Press release from Smithsonian Channel, Dec. 9, 2019:
The Battle of the Little Big Horn. Custer’s Last Stand. The Battle of the Greasy Grass. An infamous conflict known by many names is one that has been edited, embellished and sensationalized for over a century. On June 25, 1876, Hunkpapa Lakota Chief Sitting Bull and thousands of American Indians were attacked by General George Custer’s 7th Cavalry as they camped on the banks of Montana’s Little Bighorn River. Vastly outnumbered, Custer’s entire regiment was wiped out. What was to follow was a nationwide media storm – but what led to this deadly encounter, and how did history books get it so wrong? BATTLE OF LITTLE BIG HORN premieres Monday, January 13 at 8 p.m. ET/PT on Smithsonian Channel.
BATTLE OF LITTLE BIG HORN explores how the proliferation of the telegraph and burgeoning newspaper industry led to a simultaneous news break across the country. The inaccurate and dramatized reporting resulted in an American public both outraged and captivated; with no white survivors left to tell the tale, a decisive 19th-century conspiracy theory was born. BATTLE OF LITTLE BIG HORN draws inspiration from the Smithsonian’s National Museum of the American Indian’s exhibition Americans, which highlights the ways in which American Indians have been part of the nation’s identity since before the country began, and features interviews with three of the museum’s curators – David Penney, Emil Her Man Horses and Cécile Ganteaume. The special also visits the National Museum of Natural History’s National Anthropological Archives to examine rare original drawings created by Lakota Chief Red Horse – a pictorial version of his testimony of the events at Bighorn – and notes the obvious absence of the fabled “Custer’s Last Stand” image depicted on the battle field.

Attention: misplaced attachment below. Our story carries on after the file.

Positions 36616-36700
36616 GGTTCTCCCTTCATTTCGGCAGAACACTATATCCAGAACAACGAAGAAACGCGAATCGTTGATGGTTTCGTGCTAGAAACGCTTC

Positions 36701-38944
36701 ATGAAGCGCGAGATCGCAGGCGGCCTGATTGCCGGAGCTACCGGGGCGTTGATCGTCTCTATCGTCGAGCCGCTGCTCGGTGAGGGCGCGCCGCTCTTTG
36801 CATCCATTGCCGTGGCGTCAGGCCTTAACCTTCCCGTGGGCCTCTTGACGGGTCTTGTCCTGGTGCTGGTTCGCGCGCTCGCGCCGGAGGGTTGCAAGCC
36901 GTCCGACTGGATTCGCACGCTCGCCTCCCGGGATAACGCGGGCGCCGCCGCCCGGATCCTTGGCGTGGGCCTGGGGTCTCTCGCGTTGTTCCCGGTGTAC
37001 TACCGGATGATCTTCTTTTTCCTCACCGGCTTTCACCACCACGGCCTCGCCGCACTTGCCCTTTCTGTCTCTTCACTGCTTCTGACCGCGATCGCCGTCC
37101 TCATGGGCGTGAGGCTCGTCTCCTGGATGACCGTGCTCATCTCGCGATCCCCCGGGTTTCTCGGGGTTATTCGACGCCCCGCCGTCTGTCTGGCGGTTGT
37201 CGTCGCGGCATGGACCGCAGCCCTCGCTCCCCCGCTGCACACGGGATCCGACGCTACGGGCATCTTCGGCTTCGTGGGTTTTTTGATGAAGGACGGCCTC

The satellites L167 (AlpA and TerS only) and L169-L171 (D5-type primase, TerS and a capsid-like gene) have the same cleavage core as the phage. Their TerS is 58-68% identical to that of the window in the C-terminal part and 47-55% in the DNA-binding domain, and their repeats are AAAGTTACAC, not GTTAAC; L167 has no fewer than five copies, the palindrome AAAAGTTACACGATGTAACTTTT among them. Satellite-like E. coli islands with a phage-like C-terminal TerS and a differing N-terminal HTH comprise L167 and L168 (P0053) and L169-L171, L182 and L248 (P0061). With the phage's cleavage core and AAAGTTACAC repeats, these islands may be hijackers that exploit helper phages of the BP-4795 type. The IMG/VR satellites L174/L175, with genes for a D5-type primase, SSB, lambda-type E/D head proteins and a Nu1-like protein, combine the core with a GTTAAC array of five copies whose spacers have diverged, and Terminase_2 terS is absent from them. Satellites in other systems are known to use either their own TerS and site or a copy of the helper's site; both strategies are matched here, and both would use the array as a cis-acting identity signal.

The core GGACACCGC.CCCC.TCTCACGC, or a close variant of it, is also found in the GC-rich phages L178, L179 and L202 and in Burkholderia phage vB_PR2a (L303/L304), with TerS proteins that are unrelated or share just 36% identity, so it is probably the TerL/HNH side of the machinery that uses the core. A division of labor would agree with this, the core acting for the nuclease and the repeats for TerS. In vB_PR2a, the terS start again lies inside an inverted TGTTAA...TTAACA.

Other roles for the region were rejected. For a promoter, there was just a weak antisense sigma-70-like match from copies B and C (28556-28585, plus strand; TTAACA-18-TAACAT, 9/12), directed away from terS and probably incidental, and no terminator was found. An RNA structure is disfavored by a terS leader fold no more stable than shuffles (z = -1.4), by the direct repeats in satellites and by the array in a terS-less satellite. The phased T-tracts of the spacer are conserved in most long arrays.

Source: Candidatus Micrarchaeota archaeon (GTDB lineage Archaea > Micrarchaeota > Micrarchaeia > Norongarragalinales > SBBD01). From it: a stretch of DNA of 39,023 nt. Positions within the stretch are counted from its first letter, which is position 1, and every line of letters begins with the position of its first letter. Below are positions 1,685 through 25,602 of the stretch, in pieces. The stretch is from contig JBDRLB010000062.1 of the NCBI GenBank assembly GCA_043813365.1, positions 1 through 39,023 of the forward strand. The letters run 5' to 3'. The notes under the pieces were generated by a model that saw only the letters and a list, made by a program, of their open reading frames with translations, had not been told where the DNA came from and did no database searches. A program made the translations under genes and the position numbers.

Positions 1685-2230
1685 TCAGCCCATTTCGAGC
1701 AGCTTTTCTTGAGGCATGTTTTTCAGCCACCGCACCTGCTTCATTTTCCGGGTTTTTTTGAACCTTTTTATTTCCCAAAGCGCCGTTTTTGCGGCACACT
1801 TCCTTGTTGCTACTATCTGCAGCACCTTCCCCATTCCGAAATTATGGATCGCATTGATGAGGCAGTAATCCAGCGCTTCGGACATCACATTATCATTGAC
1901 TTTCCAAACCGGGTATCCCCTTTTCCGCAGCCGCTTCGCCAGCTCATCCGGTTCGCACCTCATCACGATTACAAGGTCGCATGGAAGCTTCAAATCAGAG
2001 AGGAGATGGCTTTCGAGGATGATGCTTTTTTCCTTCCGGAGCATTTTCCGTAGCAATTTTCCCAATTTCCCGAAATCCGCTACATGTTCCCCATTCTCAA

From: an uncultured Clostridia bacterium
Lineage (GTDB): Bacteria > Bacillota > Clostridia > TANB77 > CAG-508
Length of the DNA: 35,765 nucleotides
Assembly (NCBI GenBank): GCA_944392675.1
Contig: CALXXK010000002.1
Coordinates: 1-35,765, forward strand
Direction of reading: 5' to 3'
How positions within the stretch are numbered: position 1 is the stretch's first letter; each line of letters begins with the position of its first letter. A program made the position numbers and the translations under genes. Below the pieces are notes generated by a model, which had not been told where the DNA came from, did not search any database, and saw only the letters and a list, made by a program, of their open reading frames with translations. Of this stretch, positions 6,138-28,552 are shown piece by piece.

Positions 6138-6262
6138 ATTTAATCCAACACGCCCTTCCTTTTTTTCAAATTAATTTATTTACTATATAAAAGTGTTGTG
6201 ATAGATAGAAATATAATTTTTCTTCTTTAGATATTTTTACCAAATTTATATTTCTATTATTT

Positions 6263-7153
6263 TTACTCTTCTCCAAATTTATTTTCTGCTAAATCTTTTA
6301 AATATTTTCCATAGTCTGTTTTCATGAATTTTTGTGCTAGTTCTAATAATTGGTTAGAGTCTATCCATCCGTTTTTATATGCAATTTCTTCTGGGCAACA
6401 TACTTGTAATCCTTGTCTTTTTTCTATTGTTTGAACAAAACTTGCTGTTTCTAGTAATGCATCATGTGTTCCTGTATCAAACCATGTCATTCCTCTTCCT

BATTLE OF LITTLE BIG HORN traces the events leading up to Bighorn – broken treaties, stolen lands and the threat of lost identity at the hands of government initiatives targeting assimilation of the Lakota Sioux and other American Indian tribes. The special uncovers how tabloid news coverage of the battle turned the U.S. Cavalry’s bombshell loss at Bighorn into an unstoppable mythos, while fueling stereotyped depictions of the Native American – a Plains warrior wearing a feathered headdress – that persist to this day. Whether celebrating the victors at the Greasy Grass or dissecting the myth of Custer’s Last Stand, Bighorn has been stirring emotions in the American public for almost 150 years. It was a pivotal moment in our nation’s history and one that serves as an important reminder of all that we are, and all that we have lost.
BATTLE OF LITTLE BIG HORN is a Biscuit Factory Production for Smithsonian Networks. Producers for The Biscuit Factory are Molly Hermann and Rob Lyall. Linda Goldman and David Royle serve as executive producers for Smithsonian Channel.